Negated instanceof doesn't seem to be documented. When I read instanceof I think of it as a compairson operator (which I suppose it's not).

<?php
class A {}
class
X {}

//parse error from !
if (new X !instanceof A) {
    throw new
Exception('X is not an A');
}
//proper way to negate instanceof ?
if (!(new X instanceof A)) {
    throw new
Exception('X is not an A');
}
?>
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1
wbcarts at juno dot com
5 years ago
SIMPLE, CLEAN, CLEAR use of the instanceof OPERATOR

First, define a couple of simple PHP Objects to work on -- I'll introduce Circle and Point. Here's the class definitions for both:

<?php

class Circle
{
  protected
$radius = 1.0;

 
/*
   * This function is the reason we are going to use the
   * instanceof operator below.
   */
 
public function setRadius($r)
  {
   
$this->radius = $r;
  }

  public function
__toString()
  {
    return
'Circle [radius=' . $this->radius . ']';
  }
}

class
Point
{
  protected
$x = 0;
  protected
$y = 0;

 
/*
   * This function is the reason we are going to use the
   * instanceof operator below.
   */
 
public function setLocation($x, $y)
  {
   
$this->x = $x;
   
$this->y = $y;
  }

  public function
__toString()
  {
    return
'Point [x=' . $this->x . ', y=' . $this->y . ']';
  }
}

?>

Now instantiate a few instances of these types. Note, I will put them in an array (collection) so we can iterate through them quickly.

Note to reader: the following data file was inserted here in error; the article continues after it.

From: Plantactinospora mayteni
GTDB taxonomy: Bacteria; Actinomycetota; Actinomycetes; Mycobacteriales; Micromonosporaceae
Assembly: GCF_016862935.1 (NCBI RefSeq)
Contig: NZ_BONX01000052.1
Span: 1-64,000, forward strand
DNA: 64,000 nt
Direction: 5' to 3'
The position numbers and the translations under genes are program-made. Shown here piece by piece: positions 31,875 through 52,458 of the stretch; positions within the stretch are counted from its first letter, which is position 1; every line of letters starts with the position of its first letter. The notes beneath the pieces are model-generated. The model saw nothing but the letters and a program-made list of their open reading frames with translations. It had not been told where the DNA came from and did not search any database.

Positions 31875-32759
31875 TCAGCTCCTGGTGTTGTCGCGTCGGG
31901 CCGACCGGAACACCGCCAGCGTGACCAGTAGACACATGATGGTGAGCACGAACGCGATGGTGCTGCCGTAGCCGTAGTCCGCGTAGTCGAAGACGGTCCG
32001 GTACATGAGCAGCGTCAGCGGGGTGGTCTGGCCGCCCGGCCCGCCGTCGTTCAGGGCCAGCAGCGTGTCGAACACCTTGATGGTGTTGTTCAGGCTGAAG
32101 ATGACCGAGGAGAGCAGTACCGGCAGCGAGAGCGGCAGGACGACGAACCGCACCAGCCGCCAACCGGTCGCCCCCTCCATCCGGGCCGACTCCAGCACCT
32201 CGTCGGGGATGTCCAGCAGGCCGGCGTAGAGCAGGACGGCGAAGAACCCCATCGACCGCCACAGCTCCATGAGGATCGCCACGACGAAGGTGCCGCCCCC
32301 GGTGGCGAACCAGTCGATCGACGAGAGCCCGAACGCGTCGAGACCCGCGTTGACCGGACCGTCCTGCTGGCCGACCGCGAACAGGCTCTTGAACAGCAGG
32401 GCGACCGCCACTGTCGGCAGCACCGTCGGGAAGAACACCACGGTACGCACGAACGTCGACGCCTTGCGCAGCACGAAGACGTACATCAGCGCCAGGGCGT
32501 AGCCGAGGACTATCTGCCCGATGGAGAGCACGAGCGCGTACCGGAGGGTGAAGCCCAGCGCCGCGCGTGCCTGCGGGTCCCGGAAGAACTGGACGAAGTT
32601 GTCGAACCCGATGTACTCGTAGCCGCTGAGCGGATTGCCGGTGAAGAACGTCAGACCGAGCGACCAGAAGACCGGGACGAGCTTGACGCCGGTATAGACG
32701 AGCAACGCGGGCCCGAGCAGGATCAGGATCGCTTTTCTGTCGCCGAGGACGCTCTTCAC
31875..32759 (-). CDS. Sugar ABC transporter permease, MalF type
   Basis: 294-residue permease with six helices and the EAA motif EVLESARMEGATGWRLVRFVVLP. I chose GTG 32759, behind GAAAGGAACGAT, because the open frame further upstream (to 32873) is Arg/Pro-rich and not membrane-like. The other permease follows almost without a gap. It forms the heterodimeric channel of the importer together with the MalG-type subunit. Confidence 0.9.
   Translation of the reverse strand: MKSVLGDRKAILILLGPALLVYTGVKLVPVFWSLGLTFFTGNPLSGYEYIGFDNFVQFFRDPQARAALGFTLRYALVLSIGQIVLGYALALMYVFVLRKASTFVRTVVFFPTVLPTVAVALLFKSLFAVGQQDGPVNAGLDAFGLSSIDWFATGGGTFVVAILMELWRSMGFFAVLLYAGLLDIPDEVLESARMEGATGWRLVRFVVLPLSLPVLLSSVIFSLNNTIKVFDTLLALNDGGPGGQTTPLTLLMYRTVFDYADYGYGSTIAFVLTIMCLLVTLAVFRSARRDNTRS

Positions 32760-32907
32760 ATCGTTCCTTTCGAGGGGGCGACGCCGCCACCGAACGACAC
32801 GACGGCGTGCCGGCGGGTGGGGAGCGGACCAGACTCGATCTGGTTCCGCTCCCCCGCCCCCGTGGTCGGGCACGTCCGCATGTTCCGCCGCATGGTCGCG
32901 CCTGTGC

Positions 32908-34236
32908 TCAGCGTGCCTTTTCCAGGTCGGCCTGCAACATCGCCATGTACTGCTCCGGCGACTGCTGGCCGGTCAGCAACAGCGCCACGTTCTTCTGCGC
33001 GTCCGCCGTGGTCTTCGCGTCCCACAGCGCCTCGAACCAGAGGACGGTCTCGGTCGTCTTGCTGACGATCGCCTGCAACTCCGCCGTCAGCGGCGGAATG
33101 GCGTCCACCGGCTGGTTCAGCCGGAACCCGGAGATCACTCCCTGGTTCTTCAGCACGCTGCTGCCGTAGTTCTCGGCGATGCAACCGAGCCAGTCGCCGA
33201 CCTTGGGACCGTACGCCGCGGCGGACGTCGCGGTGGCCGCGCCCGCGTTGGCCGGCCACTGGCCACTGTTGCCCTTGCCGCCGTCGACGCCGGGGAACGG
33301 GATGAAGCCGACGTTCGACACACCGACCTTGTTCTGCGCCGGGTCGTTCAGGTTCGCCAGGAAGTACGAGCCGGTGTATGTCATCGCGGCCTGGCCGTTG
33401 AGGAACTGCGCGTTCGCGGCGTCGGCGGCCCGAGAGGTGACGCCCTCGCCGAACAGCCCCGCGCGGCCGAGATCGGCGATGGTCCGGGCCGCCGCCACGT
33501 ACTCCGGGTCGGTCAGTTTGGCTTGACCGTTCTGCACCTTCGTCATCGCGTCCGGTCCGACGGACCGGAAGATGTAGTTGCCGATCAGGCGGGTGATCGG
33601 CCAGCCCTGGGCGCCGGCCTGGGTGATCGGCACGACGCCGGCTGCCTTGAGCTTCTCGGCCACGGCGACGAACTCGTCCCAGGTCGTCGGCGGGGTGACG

<?php

$myCollection
= array(123, 'abc', 'Hello World!',
  new
Circle(), new Circle(), new Circle(),
  new
Point(), new Point(), new Point());

$i = 0;
foreach(
$myCollection AS $item)
{
 
/*
   * The setRadius() function is written in the Circle class
   * definition above, so make sure $item is an instance of
   * type Circle BEFORE calling it AND to avoid PHP PMS!
   */
 
if($item instanceof Circle)
  {
   
$item->setRadius($i);
  }

 
/*
   * The setLocation() function is written in the Point class
   * definition above, so make sure $item is an instance of
   * type Point BEFORE calling it AND to stay out of the ER!
   */
 
if($item instanceof Point)
  {
   
$item->setLocation($i, $i);
  }

  echo
'$myCollection[' . $i++ . '] = ' . $item . '<br>';
}

?>

$myCollection[0] = 123
$myCollection[1] = abc
$myCollection[2] = Hello World!
$myCollection[3] = Circle [radius=3]
$myCollection[4] = Circle [radius=4]